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Mentone Girls' Grammar School | Kerferd Library

Global Indigenous Understanding: Africa

A libguide to highlight the fact that indigenous people exist throughout the world, and face similar problems.

Source: Black, S. (2019).

Referencing Notice Don't forget to cite and reference your sources. For help see the Junior School or Senior School referencing guides, and / or CiteMaker.

Britannica Online

Africa is made up of many indigenous peoples. 

By clicking on the links you will be able to read about some of them.

Choose the level within Britannica to find the article that is just right for you!

Indigenous peoples of Africa

United Nations, & Fickling, G. (2011). Bakoya Pigmies [Photograph]. Retrieved from /in/album-72157614476504440/

A Bakoya Pygmy woman cooks in her village, Ibea, near Mekambo in Gabon’s northeastern Ogooué-Ivindo province. The area was visited by a team conducting a census of the Bakoya, a largely undocumented, forest-dwelling indigenous group, in order to secure their voting and other civic rights. The census is part of a project sponsored by the UN Democracy Fund (UNDEF) through a local non-governmental organization.

Isaac, J., & United Nations. (1996). Tragedy in the Sahel. [Photograph]. Retrieved from in/album-72157614476504440/

A young boy, a member of the indigenous Dogon tribe, is shown in his village habitat around Bandiagara, Southern Mali, an area traditionally inhabited by this industrious tribe.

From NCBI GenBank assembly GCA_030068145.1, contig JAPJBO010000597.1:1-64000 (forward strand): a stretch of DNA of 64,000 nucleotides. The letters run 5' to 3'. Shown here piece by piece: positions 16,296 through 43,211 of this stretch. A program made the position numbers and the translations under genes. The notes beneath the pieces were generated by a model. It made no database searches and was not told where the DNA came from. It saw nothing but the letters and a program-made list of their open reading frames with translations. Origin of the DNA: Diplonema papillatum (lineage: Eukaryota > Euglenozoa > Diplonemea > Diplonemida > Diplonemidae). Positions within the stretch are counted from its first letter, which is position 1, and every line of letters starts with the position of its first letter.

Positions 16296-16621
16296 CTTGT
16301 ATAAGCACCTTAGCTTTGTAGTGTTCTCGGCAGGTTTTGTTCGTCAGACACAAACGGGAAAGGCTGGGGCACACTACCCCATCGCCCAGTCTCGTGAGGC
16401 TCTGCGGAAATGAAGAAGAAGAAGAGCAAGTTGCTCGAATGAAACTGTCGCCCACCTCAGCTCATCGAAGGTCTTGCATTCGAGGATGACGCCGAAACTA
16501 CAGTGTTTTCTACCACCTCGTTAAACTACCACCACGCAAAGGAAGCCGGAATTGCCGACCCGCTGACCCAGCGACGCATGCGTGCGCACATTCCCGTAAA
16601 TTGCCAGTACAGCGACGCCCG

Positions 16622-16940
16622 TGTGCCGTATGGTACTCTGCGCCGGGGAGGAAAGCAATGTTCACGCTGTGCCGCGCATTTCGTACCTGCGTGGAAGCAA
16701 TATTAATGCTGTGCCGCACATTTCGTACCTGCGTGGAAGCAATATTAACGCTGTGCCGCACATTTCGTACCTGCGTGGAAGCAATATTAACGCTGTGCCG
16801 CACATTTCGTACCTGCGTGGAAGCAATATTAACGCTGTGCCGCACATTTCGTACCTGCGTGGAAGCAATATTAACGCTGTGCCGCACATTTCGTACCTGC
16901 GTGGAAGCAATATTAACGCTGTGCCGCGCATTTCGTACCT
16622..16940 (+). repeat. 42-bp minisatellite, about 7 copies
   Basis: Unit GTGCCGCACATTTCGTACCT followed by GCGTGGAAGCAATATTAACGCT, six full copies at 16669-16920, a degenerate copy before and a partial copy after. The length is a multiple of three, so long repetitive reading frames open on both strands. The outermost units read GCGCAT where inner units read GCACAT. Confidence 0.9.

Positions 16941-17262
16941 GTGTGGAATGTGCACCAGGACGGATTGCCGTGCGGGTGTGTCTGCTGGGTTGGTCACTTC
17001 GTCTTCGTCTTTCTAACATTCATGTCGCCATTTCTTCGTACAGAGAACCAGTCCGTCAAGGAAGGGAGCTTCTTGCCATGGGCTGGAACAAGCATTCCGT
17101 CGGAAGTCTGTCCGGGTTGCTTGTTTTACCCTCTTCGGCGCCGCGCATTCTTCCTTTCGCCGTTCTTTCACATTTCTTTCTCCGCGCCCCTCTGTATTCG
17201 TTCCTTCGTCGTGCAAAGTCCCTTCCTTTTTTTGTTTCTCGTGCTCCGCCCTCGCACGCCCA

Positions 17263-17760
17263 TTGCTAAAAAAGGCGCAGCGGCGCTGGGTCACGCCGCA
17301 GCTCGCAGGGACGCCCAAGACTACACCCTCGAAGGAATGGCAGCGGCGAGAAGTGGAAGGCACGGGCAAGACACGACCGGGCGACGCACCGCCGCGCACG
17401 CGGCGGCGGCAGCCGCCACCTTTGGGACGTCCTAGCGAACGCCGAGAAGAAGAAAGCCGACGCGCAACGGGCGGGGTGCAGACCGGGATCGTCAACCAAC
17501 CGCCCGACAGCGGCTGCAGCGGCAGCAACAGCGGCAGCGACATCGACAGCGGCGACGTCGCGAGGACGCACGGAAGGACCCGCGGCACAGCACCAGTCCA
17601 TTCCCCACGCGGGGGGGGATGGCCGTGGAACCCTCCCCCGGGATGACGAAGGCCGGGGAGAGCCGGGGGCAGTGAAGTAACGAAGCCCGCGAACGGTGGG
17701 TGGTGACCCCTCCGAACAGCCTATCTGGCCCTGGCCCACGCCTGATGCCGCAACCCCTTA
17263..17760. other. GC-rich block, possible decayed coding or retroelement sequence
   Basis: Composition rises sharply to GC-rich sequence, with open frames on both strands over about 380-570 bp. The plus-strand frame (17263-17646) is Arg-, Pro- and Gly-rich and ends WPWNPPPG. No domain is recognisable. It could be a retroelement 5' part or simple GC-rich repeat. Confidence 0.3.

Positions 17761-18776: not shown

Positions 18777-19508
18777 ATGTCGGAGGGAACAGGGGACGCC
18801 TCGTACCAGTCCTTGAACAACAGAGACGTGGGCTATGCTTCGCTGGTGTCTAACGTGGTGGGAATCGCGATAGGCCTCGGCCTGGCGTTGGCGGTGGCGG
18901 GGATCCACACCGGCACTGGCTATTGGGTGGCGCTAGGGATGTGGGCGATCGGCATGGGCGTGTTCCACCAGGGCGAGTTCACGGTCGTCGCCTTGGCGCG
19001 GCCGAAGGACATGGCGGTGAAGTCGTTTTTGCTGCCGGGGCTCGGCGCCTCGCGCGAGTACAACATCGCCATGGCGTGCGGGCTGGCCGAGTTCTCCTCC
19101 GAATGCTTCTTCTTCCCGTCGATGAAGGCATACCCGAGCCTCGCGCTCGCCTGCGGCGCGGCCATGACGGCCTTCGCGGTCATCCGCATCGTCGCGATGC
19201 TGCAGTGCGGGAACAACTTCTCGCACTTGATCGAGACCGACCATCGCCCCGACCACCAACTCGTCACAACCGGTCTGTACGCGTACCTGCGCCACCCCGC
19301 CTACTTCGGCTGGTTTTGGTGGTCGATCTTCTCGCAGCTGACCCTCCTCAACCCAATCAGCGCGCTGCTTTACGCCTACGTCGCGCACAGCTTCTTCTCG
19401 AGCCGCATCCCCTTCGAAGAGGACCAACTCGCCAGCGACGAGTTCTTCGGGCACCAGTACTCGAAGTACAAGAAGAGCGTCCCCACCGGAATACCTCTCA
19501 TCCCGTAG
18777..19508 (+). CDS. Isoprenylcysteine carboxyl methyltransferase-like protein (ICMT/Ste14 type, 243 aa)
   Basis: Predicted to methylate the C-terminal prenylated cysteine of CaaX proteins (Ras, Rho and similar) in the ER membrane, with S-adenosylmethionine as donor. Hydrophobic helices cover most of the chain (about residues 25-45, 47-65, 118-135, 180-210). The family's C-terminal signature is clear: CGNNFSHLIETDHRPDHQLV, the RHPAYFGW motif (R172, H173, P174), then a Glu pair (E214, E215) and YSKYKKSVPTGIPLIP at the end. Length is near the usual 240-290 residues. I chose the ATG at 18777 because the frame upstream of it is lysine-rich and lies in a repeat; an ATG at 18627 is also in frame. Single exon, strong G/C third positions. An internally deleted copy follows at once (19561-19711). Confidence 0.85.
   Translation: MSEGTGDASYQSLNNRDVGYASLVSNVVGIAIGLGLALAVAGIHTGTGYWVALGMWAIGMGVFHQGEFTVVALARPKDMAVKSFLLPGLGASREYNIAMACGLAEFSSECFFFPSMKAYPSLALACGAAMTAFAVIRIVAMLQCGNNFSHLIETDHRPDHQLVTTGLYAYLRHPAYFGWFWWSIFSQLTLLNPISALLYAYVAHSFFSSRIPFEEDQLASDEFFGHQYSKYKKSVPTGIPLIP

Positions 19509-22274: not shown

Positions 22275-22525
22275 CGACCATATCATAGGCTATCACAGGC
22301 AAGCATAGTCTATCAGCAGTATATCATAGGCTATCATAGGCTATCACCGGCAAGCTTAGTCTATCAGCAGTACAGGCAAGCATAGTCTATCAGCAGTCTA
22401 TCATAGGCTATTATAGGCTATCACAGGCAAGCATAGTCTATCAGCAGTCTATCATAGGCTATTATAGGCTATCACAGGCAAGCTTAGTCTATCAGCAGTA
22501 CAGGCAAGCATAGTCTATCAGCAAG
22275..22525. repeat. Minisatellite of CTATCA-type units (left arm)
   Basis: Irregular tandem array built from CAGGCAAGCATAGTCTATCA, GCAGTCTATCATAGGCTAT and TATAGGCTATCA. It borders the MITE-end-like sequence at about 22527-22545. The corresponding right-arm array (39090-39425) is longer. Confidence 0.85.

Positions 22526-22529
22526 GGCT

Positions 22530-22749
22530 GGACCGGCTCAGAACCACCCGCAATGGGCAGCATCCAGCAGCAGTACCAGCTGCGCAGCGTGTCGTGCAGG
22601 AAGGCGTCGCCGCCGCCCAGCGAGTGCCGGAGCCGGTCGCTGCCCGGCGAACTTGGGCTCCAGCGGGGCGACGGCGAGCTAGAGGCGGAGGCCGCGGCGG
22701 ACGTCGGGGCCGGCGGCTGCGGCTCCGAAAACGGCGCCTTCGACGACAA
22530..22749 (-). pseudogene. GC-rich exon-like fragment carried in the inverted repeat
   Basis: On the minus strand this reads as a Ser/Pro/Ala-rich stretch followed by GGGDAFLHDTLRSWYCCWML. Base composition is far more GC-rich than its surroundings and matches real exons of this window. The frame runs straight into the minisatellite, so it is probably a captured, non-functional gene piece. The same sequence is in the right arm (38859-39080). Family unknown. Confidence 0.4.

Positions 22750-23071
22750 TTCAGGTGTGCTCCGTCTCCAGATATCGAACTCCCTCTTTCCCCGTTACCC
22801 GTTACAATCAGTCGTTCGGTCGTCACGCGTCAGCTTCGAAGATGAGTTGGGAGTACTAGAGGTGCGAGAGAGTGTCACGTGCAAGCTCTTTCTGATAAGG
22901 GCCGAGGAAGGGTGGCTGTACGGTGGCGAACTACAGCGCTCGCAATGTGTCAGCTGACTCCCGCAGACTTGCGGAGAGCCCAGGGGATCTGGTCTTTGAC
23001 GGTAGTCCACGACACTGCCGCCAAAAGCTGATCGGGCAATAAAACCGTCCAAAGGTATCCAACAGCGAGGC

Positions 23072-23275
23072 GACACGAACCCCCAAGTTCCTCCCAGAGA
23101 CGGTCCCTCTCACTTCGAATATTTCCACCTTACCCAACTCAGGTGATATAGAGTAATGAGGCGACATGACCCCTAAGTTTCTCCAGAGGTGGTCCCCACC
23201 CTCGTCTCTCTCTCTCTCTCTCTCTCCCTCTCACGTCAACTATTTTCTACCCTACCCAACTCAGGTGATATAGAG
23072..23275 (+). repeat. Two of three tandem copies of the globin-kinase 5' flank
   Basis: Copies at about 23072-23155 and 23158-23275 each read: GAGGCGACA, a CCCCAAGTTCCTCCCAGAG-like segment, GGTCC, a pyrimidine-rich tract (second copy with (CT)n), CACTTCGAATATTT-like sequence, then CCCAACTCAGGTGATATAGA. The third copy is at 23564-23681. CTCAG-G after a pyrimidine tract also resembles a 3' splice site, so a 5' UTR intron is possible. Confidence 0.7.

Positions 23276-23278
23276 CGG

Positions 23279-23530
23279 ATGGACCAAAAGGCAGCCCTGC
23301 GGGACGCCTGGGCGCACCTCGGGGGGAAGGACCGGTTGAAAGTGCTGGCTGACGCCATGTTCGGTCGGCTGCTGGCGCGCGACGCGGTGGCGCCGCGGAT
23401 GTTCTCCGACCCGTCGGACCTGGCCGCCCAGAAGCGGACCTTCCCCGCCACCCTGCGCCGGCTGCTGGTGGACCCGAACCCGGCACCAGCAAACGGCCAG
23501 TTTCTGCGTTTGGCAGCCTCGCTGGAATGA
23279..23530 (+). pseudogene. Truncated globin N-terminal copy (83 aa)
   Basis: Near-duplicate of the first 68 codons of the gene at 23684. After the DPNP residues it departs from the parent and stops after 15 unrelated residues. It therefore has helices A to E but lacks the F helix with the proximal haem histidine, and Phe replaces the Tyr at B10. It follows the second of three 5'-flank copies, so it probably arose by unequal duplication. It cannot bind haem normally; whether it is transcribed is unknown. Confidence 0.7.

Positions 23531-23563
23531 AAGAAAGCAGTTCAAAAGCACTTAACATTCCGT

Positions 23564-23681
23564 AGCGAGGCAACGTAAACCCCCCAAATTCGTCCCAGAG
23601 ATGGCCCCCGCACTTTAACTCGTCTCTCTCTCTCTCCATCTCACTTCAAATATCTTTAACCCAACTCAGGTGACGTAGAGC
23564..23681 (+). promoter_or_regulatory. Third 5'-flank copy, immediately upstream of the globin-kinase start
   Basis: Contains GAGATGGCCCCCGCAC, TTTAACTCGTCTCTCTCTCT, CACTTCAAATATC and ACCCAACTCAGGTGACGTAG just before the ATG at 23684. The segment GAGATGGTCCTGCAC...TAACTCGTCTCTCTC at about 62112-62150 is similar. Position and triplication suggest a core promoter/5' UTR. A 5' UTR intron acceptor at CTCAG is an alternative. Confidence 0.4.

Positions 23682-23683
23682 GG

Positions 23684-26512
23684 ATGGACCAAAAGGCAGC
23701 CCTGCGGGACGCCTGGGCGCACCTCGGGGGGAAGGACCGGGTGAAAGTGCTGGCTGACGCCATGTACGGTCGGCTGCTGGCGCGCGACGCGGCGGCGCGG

United Nations, & Eskinder, D. (1992). Himba woman [Photograph]. Retrieved from in/album-72157614476504440/

An elderly woman milking a cow in a Himba village near Opuwo.

United Nations (1983). Ndebele man [Photograph]. Retrieved from in/album-72157614476504440/

A man from the Ndebele tribe in South Africa wearing traditional attire.

United Nations (1985). Portrait of a woman from the Ndebele tribe [Photograph]. Retrieved from in/album-72157614476504440/

Portrait of a woman from the Ndebele tribe in Kwadlaulale Market, South Africa.

United Nations, & Perret, M. (2013). Boma, South Sudan [Photograph]. Retrieved from /in/album-72157614476504440/

A mother sits with her baby outside a hospital in Boma, South Sudan. 

United Nations, & Nagata, Y. (1975). Sahara [Photograph].Retrieved from in/album-72157614476504440/

Indigenous Sahrawi people of north west Africa in the area formerly known as Spanish Sahara 

United Nations, & McKulka, T. (2009). Sudanese Misseriya [Photograph]. Retrieved from in/album-72157614476504440/

Sudanese Misseriya build shelters for their families during migration.

As their wet season pastures dry up, the Misseriya move south with their cattle in an annual migration which brings them to their dry season pastures in the Abyei area from December through April. The Misseriya move south from Nov-Dec and return north from May-June. The Misseriya and the Dinka compete over scarce water and grass for their cattle during the dry season.

A Misseriya woman stands in front of a thatched shelter.

Indigenous Understanding Africa: Books and eBooks

You will often find information on indigenous peoples when you look at books on the countries in which they live.  You will also gain a lot of information by reading stories collected by these peoples.  Use these books and eBooks to get your research started!

Indigenous Understanding Africa: Books and eBooks

You will often find information on indigenous peoples when you look at books on the countries in which they live.  This  book is more for older students and can be found in the Senior Non-Fiction section

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